Valves of a variety of types and sizes are tested in experimental pipelines within test cells at prescribed pressures using different fluids, including inhibited water, in accordance with API 6D and ISO 14313 specifications. This procedure, which is often the last of a series of tests undertaken before re-painting, verifies the strengths of critical valve components including body, bonnet, ends and seats. Hydrostatic testing also investigates the integrity of the valve’s pressure retention envelope and seat sealing capability when subjected to internal pressures greatly in excess of those likely to be encountered during a normal operational life span. Leakage is measured on a pressure gauge, or recorded automatically with a chart reader device which monitors pressure loss over time. Testing procedures are viewed by camera and these together with results obtained are open to any inspection by customers and independent third parties.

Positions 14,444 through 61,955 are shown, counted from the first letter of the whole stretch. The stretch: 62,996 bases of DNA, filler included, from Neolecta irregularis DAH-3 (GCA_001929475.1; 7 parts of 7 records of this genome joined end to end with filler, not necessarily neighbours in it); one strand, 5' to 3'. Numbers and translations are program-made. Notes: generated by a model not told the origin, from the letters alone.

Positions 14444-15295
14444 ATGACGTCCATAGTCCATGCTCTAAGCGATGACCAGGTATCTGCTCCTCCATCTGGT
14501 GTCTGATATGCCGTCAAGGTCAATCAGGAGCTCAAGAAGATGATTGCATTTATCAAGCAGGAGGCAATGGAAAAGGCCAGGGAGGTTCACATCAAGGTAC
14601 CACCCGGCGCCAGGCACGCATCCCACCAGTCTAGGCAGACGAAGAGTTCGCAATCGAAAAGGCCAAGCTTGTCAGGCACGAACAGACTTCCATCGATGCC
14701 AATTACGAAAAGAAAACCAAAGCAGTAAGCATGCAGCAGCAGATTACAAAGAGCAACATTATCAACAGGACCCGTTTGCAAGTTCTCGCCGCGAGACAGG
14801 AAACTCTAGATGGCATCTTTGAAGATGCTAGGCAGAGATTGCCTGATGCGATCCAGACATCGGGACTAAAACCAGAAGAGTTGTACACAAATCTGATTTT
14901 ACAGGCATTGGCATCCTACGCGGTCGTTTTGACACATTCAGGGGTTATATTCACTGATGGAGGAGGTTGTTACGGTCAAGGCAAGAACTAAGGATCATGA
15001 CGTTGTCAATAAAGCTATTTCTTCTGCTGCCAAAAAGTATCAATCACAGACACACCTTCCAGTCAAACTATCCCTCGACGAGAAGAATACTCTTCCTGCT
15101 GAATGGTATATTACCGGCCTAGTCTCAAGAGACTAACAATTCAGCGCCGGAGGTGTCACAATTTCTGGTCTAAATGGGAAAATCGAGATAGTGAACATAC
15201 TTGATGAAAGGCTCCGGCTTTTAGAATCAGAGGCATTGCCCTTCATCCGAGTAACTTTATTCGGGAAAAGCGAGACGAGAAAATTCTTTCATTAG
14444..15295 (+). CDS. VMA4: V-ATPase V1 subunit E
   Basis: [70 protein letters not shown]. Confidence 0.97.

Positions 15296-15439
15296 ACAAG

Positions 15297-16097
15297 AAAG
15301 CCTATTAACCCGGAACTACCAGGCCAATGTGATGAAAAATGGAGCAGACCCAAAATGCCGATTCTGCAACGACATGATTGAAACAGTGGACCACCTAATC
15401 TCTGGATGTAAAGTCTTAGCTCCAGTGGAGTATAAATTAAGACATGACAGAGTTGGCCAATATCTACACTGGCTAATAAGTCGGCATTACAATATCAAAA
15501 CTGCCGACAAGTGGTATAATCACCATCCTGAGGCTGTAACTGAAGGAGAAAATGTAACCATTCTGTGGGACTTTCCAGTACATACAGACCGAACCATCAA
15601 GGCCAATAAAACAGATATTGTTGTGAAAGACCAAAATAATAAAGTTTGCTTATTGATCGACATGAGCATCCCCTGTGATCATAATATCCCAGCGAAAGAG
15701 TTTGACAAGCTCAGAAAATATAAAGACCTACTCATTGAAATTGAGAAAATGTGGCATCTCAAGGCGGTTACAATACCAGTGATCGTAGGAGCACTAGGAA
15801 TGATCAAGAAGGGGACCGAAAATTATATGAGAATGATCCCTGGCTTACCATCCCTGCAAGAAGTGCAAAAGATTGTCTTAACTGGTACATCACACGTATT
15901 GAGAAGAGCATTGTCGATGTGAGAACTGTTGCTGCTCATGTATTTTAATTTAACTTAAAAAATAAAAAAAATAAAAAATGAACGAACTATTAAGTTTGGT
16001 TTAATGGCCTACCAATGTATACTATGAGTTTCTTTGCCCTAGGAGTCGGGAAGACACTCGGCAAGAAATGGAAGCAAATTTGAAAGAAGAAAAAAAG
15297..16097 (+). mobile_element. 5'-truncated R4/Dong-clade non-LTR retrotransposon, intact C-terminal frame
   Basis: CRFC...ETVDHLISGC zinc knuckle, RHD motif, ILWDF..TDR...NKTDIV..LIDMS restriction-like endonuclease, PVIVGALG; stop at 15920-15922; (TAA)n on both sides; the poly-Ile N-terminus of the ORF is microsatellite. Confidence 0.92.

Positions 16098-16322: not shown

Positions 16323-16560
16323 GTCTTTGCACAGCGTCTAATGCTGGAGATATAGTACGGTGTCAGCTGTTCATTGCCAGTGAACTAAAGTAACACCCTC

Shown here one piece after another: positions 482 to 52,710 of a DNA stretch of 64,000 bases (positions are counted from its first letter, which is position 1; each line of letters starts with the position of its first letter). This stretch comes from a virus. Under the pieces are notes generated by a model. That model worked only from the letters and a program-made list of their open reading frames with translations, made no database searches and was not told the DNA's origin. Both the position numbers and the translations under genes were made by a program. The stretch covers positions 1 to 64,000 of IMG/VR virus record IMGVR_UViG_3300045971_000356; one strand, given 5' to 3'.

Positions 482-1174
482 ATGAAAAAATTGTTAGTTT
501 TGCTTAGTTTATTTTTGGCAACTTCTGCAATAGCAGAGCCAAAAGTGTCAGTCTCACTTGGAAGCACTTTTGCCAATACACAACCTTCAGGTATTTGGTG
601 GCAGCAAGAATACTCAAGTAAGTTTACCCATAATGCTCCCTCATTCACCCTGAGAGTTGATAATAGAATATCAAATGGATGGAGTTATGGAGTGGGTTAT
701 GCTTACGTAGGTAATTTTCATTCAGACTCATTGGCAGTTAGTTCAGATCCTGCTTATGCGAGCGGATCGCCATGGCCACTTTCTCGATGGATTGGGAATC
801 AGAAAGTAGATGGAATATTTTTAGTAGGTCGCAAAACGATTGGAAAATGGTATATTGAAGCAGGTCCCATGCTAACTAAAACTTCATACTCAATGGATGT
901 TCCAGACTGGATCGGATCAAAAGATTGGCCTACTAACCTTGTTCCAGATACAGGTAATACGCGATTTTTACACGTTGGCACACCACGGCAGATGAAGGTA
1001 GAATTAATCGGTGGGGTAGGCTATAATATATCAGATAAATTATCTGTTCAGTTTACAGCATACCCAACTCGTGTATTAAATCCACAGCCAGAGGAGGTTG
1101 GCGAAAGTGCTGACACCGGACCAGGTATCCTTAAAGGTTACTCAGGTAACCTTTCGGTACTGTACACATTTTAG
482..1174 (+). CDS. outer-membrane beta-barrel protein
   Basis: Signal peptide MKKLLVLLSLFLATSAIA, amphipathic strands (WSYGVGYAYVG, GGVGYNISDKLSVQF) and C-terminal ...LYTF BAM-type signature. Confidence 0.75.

Utilising high-pressure pumping systems, valves and other components can be tested underwater in experimental pipelines at internal gas pressures of up to 14000psi. Any leakage, however small, is detected and measured by fully calibrated micromanometers.
A variety of valves of different sizes and types can be tested with tracer gases including methane or helium, or a mix of 99% nitrogen and 1% helium. Using our high-sensitivity mass spectrometer, external leakage rates as low as one billionth of a cubic centimetre per second can be detected and pinpointed.